Another look at the new rideshare law

Cam Gordon


Many people are celebrating the recent rideshare legislation that was signed into law in May.
Elected officials are congratulating themselves and others for the new law that is expected to give drivers a 20% raise in pay, protection from unjust deactivations, and stronger insurance provisions.
“The drivers never gave up,” said Jason Chavez, Ward 9 City Council member. “They showed up and kept reminding everyone about the importance of standing up for workers across Minnesota. There is no ride-share without these drivers. Let’s celebrate this win.”
“I’m proud of our city and state delegation for working together on a nation-leading bill that delivers for drivers not only in Minneapolis, but across our state,” said DFL state Rep. Samantha Sencer-Mura from the Southside’s District 63A. “We can all be proud of this win.”
“My message has not changed since we did this work last year,” said Southside state Rep. Hodan Hassan (62B), who authored the bill. “If your business relies on keeping your workers in poverty, you don’t have a viable business model, and you need to do better here in Minnesota. We will not tolerate bad actors exploiting hardworking Minnesotans to pad their corporate pockets. The protections established in this bill will drastically improve working conditions for an entire workforce so many of us rely on.”
Aurin Chowdhury, the Ward 12 City Council member, said, “The City Council members who held firm in passing local legislation that is strong in comprehensively protecting workers last year and this year, forced the conversation. We thank the state authors, Minneapolis delegation, POCI Caucus, and Queer Caucus for working with us closely over the last two years to achieve this outcome.”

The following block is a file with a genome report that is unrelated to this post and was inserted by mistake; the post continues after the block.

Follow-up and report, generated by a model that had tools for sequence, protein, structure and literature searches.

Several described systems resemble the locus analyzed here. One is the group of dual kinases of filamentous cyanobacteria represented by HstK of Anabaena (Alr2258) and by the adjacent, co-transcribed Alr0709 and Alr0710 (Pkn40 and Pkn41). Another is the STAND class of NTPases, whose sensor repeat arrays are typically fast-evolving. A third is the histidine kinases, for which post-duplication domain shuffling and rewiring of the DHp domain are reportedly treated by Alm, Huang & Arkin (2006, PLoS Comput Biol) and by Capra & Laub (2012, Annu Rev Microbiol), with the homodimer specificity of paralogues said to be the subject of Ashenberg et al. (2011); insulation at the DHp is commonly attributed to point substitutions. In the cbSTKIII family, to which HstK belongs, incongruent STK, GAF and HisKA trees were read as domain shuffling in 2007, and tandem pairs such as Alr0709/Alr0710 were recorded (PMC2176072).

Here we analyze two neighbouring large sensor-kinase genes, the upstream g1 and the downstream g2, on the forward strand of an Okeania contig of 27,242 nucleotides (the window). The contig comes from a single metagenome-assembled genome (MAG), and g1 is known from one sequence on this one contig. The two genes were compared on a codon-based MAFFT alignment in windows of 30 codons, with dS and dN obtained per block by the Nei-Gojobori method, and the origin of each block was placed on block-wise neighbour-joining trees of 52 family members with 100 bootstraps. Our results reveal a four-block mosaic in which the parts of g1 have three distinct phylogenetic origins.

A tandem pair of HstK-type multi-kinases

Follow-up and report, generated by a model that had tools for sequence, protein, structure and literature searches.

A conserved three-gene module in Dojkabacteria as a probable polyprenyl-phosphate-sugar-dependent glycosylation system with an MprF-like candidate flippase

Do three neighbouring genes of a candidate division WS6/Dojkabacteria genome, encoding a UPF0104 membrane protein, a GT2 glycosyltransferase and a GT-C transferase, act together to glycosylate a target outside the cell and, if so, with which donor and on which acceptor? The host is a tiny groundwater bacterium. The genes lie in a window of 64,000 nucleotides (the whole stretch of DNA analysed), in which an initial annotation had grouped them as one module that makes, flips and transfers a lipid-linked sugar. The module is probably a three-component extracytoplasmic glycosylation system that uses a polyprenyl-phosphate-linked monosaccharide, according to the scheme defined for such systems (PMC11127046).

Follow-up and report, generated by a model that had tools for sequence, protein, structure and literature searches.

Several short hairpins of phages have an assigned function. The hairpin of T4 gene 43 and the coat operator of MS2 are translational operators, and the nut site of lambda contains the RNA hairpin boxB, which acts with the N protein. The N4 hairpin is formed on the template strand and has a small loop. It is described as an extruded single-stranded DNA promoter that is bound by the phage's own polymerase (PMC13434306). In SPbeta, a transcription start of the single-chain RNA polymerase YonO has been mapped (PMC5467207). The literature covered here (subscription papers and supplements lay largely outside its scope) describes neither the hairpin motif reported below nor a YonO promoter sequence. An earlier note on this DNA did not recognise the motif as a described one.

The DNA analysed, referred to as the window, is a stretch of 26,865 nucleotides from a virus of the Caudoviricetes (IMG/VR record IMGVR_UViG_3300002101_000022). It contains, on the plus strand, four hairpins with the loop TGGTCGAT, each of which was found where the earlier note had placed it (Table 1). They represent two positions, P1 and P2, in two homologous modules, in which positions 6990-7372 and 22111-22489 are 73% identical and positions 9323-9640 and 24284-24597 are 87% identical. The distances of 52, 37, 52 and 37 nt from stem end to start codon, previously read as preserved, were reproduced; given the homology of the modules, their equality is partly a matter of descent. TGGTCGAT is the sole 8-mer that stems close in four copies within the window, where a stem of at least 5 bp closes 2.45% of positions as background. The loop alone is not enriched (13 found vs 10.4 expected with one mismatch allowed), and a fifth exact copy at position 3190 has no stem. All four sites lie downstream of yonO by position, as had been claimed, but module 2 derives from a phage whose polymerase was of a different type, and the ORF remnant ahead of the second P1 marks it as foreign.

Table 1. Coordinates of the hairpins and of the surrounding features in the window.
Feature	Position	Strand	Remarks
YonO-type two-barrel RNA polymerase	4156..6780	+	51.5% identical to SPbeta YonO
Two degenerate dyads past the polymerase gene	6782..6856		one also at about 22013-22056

Less vocal are the quiet cheers likely coming from rideshare customers of the two large companies that had threatened to stop doing business in the city. Uber and Lyft are also likely celebrating. They will no longer feel any pressure to follow through with their threat. They won concessions and demonstrated their ability to manipulate democratic processes.
Under the new state law, rideshare companies will have to pay drivers a minimum of $1.28 per mile and 31 cents per minute. They will not have to pay the rates the Minneapolis City Council adopted earlier, which were set to take effect July 1 with a $1.40 per mile and 51 cents per minute minimum.
Among the concessions won by Uber and Lyft is one allowing the new legislation to override Minneapolis’s driver pay ordinance and restrict a city’s ability to demand data from the rideshare companies. It also prohibits, or preempts, any city in the state of Minnesota from passing stronger local rideshare laws or regulations of their own.
“Preemption is bad. Period,” said Aisha Chughtai, Ward 10 City Council member. “Any and all attempts to undermine local control are bad. It’s a Republican and corporate tactic used around the country. Watching our @GovTimWalz cave to multibillion-dollar corporations in insisting on preempting Minneapolis is gross.”
The preemption means that the legislation could be changed in the future and that cities would have no hope of creating stronger rules, as the Minneapolis City Council did this year.